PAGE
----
Another aspect worth considering is the idea of connecting previous indexes and cataloging efforts to the new arrangement. Laura pointed out that an archivist could create more of an issue if he/she didn’t invest the time to make clear the ties between the old and new. It also seems even more important to document all of those decisions and methods so that those who come afterward aren’t lost in the tangle of archival threads.

The last session of the day for me was S21. Physical vs. Digital and the User Experience. The moderator was Susie Bock of the University of Southern Maine and the speakers were Jane Metters LaBarbara of West Virginia University, Samuel Smallidge of Converse, and Anastasia S. Weigle of the University of Maine. Each speaker had a different perspective on the topic to be sure, but Samuel’s argument for practical uses of digital media for internal use at Converse in order to produce a new product (based on one from the 1970s) was pretty persuasive. I didn’t expect to learn about Chuck Taylor sneakers when I came to Boston for MARAC, but now I have a better understanding of some of the structural changes in them over time. By using digitized images of sneakers, he was able to help designers and marketers put together a custom sneaker for consumers in time for a big anniversary at the company.

The Conference Venue and Where I Stayed

There was a bit of construction in the Boston Park Plaza during the meeting. Because Boston had spent much of the winter under more snow than was reasonable, the work that was targeted to have been completed long before our arrival was still underway. In fact, the construction workers were laying carpet in some of the conference areas on the first day. It was inconvenient to be sure, but nothing we archivists/librarians couldn’t handle. 

I didn’t stay at the conference hotel, although I’d originally booked there. When it came closer to the event, my buddy John Beekman, Assistant Manager of the New Jersey Room at Jersey City Free Public Library, mentioned on the MARAC Facebook page that he’d checked to see if the construction had been finished. After I saw his post, I read the comments from recent visitors, and changed hotels to Hotel 140 ( They were very accommodating and helpful. The hotel is located a few blocks away from the Boston Park Plaza, which wasn’t a big deal except that on the first two days, it was cold and very windy. However, the room was clean, the bed was comfortable, and no fragrances were used on the linens (key for those of us who are sensitive to heavy, synthetic fragrances often used in detergents).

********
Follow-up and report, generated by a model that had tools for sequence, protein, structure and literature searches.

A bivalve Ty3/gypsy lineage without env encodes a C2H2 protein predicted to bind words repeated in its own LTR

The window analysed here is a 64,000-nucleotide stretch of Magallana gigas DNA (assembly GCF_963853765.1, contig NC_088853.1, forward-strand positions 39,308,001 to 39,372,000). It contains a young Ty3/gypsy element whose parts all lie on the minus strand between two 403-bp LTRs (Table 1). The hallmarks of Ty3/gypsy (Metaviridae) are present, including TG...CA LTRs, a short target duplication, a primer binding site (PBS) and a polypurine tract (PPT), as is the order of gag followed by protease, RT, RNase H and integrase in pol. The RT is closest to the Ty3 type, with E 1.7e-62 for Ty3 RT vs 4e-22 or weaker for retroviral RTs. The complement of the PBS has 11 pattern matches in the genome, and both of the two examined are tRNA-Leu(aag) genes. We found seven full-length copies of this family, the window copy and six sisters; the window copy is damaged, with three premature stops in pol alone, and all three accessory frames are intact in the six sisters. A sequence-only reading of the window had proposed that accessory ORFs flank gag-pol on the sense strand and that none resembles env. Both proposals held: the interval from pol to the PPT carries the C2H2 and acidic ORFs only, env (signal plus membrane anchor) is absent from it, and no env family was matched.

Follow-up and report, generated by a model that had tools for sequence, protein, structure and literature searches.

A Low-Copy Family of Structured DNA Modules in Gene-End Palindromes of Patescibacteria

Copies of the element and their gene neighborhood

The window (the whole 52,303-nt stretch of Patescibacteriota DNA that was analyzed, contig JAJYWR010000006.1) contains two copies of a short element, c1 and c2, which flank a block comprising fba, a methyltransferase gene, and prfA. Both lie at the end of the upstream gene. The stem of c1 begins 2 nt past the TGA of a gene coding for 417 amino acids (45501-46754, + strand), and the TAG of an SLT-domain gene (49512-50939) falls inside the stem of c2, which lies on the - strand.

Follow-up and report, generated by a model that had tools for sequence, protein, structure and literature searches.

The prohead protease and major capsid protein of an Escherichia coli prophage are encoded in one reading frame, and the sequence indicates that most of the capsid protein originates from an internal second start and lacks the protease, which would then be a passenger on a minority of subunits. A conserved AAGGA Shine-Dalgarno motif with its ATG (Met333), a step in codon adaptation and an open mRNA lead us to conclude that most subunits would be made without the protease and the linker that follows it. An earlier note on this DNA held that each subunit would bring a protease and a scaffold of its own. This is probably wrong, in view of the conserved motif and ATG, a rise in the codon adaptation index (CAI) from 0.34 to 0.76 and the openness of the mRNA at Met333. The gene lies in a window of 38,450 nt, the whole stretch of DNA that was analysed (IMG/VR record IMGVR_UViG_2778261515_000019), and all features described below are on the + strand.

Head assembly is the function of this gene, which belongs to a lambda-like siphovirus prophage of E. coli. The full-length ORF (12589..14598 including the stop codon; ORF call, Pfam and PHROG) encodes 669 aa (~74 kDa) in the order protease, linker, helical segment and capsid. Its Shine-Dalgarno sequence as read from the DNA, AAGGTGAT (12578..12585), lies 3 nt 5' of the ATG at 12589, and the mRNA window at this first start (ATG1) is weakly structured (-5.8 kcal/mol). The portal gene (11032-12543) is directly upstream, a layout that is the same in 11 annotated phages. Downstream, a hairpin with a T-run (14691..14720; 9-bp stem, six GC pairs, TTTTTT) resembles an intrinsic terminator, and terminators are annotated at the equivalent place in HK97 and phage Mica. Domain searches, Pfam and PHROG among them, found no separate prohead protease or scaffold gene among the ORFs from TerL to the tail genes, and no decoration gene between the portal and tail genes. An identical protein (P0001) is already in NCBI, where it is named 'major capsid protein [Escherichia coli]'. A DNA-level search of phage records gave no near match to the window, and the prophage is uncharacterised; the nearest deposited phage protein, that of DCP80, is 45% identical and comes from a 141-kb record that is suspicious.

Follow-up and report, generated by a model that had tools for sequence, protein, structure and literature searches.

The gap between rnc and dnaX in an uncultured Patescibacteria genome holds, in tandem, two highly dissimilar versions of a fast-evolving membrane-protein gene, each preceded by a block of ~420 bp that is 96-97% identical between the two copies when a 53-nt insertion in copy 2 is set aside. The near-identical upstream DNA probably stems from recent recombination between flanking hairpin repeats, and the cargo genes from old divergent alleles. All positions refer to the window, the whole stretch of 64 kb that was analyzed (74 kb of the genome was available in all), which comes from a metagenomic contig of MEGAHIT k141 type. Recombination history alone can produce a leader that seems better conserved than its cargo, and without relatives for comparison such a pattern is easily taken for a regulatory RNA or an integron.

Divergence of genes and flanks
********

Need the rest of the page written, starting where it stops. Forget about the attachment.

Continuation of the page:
Dining at Davio’s
Last, but never least (this was originally a food blog, you know), something about the restaurant I frequented. My pal Jane Ingold, a Reference Librarian at Penn State Erie, The Behrend College, and I made plans to have lunch together during the Thursday break during both of our workshops. We dined at a lovely Italian restaurant that caters to GF people like me, called Davio’s ( located across the street from the Boston Park Plaza.  The food was very tasty and the service was attentive, albeit a bit slow. However, when I returned for lunch again the following day with another friend, Jacqueline Haun, Archives Librarian at The Lawrenceville School, I mentioned I was pressed for time (because I had a short presentation to make at 1:30 p.m.). The waitstaff made sure to get us out the door by the time specified, and we were grateful. In case you were wondering, I enjoyed the chopped salad (sans bacon) and the GF tomato pizza (on both days, they were that good, and I had leftovers for my little hotel fridge).  

Wrapping Up
As always, I enjoyed the MARAC meeting, made some new friends, and learned a lot more than I expected. The best advice I can give to new archivists and librarians is to join your local/regional professional society and get involved. Next is the NJLA meeting in April, complete with a full day of History & Preservation Section sessions for attendees to enjoy. Can’t wait!